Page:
0
Articles |

Pulmonary Embolism : Lung Scanning Interpretation: About Words

Sylvie Bastuji-Garin; Annette Schaeffer; Pierre Wolkenstein; Bertrand Godeau; Claudine Carville; Isabelle Durand-Zaleski; Michel Meignan
Author and Funding Information

Affiliations: From the Department of Public Health, Université Paris XII, Hôpital Henri-Mondor, Créteil, France,  From the Department of Internal Medicine, Université Paris XII, Hôpital Henri-Mondor, Créteil, France,  From the Department of Dermatology, Université Paris XII, Hôpital Henri-Mondor, Créteil, France,  From the Department of Cardiology, Université Paris XII, Hôpital Henri-Mondor, Créteil, France,  From the Department of Nuclear Medicine, Université Paris XII, Hôpital Henri-Mondor, Créteil, France

Dr. S. Bastuji-Garin, Département de Santé Publique, Hôpital Henri-Mondor, 94010 Créteil, Cedex, France; e-mail: sylvie.bastuji-garin@hmn.ap-hop-paris.fr


1998 by the American College of Chest Physicians


Chest. 1998;114(6):1551-1555. doi:10.1378/chest.114.6.1551
Text Size: A A A
Published online

Abstract

Objective: To assess clinicians' agreement on how they interpret lung scan reports with regard to the diagnosis of pulmonary embolism.

Design: In this prospective study, nuclear medicine physicians provided two types of reports for each lung scan: a routine descriptive report and a short form with a standardized conclusion on the likelihood of pulmonary embolism: "high probability," " no conclusion," and "diagnosis excluded." Three independent blinded senior clinicians reviewed all routine reports and chose one of the following conclusions: "high probability," "no conclusion," or "diagnosis excluded."

Setting: An acute care teaching hospital near Paris.

Subjects: Eighty-two lung scans were studied.

Main outcome measurements: Inter-clinician agreement and agreement between clinicians' conclusions and the nuclear medicine physicians' standardized reports were analyzed using the kappa index.

Results: The distribution of the clinicians' conclusions from routine reports strongly differed (p < 0.001). Agreement among the three clinicians was observed in 40.2% of the routine reports, and the inter-clinician agreement was poor to moderate (kappa range, 0.28 to 0.52). A complete agreement among the three clinicians and the nuclear medicine physicians' standardized conclusions was observed for 32.9% of the reports. The agreement between each clinician and the standardized conclusions was also poor to moderate (kappa range, 0.32 to 0.55).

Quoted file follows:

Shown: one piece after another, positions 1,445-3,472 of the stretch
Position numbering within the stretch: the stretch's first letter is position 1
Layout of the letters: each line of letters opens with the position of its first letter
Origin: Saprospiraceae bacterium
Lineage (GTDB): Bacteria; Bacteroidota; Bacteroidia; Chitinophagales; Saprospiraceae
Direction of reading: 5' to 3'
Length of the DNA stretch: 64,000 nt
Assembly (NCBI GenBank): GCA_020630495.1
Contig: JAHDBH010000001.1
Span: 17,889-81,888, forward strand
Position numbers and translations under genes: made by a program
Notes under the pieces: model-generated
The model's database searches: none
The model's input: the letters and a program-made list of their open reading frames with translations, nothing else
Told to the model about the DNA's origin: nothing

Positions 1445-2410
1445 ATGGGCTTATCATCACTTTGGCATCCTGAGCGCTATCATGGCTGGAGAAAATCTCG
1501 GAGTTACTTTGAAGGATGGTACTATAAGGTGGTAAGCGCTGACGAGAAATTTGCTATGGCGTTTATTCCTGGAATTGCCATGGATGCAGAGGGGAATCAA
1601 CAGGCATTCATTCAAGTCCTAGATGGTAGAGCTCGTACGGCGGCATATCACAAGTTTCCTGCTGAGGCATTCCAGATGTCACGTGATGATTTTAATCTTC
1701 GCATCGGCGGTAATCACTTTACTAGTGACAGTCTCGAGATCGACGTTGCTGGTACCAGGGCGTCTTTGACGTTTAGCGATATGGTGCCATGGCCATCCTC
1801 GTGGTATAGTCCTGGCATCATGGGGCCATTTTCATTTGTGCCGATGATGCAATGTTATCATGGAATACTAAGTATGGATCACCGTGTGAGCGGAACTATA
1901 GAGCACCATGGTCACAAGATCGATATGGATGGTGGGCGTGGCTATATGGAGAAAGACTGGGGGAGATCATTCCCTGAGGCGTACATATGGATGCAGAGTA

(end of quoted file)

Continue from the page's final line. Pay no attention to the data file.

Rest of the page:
Conclusion: Reading the same routine reports, clinicians reached different conclusions. Furthermore these differed greatly from the nuclear medicine physicians' standardized conclusions. These results support the notion that physicians should be given standardized reports.


Sign In to Access Full Content

MEMBER & INDIVIDUAL SUBSCRIBER

Want Access?

NEW TO CHEST?

Become a CHEST member and receive a FREE subscription as a benefit of membership.

Individuals can purchase this article on ScienceDirect.

Individuals can purchase a subscription to the journal.

Individuals can purchase a subscription to the journal or buy individual articles.

Learn more about membership or Purchase a Full Subscription.

INSTITUTIONAL ACCESS

Institutional access is now available through ScienceDirect and can be purchased at myelsevier.com.

Sign In to Access Full Content

MEMBER & INDIVIDUAL SUBSCRIBER

Want Access?

NEW TO CHEST?

Become a CHEST member and receive a FREE subscription as a benefit of membership.

Individuals can purchase this article on ScienceDirect.

Individuals can purchase a subscription to the journal.

Individuals can purchase a subscription to the journal or buy individual articles.

Learn more about membership or Purchase a Full Subscription.

INSTITUTIONAL ACCESS

Institutional access is now available through ScienceDirect and can be purchased at myelsevier.com.

Figures

Tables

References

NOTE:
Citing articles are presented as examples only. In non-demo SCM6 implementation, integration with CrossRef’s "Cited By" API will populate this tab (http://www.crossref.org/citedby.html).

Some tools below are only available to our subscribers or users with an online account.

Sign In to Access Full Content

MEMBER & INDIVIDUAL SUBSCRIBER

Want Access?

NEW TO CHEST?

Become a CHEST member and receive a FREE subscription as a benefit of membership.

Individuals can purchase this article on ScienceDirect.

Individuals can purchase a subscription to the journal.

Individuals can purchase a subscription to the journal or buy individual articles.

Learn more about membership or Purchase a Full Subscription.

INSTITUTIONAL ACCESS

Institutional access is now available through ScienceDirect and can be purchased at myelsevier.com.

Related Content

Customize your page view by dragging & repositioning the boxes below.

Find Similar Articles
CHEST Journal Articles
PubMed Articles
  • CHEST Journal
    Print ISSN: 0012-3692
    Online ISSN: 1931-3543